The abandoned farm sat right at the no-man’s land between the Belgian peacekeeping sector and one of the few, small, Loyalist Slovak Army sectors. While what was left of the Army that hadn’t gone over to the Nationalists after the initial riots was still outwardly loyal to the shaky government in Bratislava, that loyalty was in question among many of the peacekeepers, especially the Germans and Belgians. None of this would have been happening if the Slovaks hadn’t already had enough of both Brussels’ financial demands and the forced immigration, mostly of young Kosovar, Bosnian, and Syrian men. To that end, most of the EDC peacekeepers made no secret of the fact that they didn’t trust the Slovak Army.
We barely paused, just turning and burning back down the hall.As I came out, I glanced down the stairway, in time to see two men in dark clothes, chest rigs, and turbans start up the stairs. I threw myself across the hallway as they opened fire, bullets chewing into the ceiling and sending bits of plaster raining down on us, and returned fire. My first shot smashed into the smaller man’s collarbone, sending him reeling as the follow-up shot tore his throat out.The snap of the bullet made the taller, skinnier guy flinch. Which was when Jordan leaned out of the door and shot him in the skull. His head snapped backward as he crashed onto his back. Red started seeping from the turban wrapped around his head.
In the third such killing in the last six months, Senator Tyrone Billings of Michigan was killed by a VBIED outside his Ann Arbor home last night. This comes after three months of threats, following Billings’ vote against S.8853, the “Hate Speech” law that would bring the US into line with European Union standards. Most of Senator Billings’ security was killed in the blast. Police have no leads.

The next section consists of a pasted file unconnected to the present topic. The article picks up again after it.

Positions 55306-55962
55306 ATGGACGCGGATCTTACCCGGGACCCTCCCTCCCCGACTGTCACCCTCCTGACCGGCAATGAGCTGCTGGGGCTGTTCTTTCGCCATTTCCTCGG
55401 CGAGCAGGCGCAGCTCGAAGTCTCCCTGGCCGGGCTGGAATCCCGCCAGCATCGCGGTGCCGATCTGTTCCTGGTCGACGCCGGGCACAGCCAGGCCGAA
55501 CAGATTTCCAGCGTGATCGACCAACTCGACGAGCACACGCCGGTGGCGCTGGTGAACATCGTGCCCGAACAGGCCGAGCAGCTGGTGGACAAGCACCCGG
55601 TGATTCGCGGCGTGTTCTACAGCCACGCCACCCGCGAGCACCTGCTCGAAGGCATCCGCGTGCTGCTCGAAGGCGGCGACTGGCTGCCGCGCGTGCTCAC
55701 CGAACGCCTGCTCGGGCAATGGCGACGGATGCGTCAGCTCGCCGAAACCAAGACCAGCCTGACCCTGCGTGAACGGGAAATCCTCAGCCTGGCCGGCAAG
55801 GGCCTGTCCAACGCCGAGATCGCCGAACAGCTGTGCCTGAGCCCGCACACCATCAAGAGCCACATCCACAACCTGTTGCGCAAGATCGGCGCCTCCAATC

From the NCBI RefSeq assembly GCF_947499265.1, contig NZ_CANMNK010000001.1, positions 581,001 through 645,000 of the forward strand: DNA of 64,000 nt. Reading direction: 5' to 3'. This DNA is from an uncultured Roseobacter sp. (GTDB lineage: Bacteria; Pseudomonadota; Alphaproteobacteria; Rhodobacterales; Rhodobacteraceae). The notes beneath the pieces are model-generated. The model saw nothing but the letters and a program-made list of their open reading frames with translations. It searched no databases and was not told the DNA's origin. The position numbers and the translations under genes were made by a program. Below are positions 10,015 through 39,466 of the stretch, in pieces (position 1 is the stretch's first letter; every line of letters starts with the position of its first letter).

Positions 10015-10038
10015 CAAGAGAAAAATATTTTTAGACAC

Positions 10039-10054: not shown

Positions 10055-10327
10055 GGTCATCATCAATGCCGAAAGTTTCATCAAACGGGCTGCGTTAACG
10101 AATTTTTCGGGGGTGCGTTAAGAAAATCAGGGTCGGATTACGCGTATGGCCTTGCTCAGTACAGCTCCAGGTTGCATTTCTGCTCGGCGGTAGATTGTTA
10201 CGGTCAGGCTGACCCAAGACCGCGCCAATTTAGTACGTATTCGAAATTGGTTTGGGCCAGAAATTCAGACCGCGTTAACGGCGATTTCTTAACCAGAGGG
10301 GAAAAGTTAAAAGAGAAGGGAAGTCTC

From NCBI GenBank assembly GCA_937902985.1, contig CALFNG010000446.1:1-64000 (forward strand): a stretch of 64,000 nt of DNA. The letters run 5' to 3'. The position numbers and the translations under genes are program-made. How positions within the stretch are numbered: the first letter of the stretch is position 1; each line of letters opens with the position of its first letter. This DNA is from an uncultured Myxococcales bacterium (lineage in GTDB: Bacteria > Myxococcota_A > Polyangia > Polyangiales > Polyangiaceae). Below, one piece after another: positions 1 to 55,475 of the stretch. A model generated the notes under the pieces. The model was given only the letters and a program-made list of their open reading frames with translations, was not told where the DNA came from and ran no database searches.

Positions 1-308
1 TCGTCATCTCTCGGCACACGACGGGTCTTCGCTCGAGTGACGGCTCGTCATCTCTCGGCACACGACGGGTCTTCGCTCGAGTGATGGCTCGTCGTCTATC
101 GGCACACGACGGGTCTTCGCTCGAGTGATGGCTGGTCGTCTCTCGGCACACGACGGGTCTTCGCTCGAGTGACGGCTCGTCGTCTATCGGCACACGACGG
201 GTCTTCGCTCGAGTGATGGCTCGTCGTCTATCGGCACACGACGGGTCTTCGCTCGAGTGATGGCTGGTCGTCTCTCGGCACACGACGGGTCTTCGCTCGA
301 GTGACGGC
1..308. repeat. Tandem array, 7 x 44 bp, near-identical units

A good chunk of the middle of the book is devoted to the Red Cell’s planning, suiting the book’s title, The War Planners. These people, from various intelligence and defense agencies, as well as private contractors, are getting into the weeds on not only military defenses, but psychological warfare, economic warfare, information operations, and infrastructure attacks and weaknesses. Watts clearly put some research in, and understands at least some of not only the Chinese model of “Unrestricted Warfare,” but also something about how Chinese intelligence agencies work.Getting into the rest of the book might be getting too far into spoilery territory. Suffice it to say that not all is necessarily as it seems, and it becomes a very Ludlum-esque thriller…
What’s the difference? In reality, less than one might think. In general, I think, the “Action Adventure” genre, as exemplified (and coined) by Don Pendleton’s Executioner series, which spawned multiple spinoffs and inspired others (there is actually a flashback in SOBs #3, Butchers of Eden, in which Col. Barrabas remembers a night fighting back to back in Vietnam with Sgt. Mack Bolan), has generally been looked down upon as cheap, poorly-done “pulp,” with even less merit than comic books. “Techno-thrillers,” ostensibly started by Tom Clancy with The Hunt for Red October, are considered better quality and more realistic, though still sneered at by the literati (I had a high-school English teacher speak dismissively of Clancy as “pop-lit.”).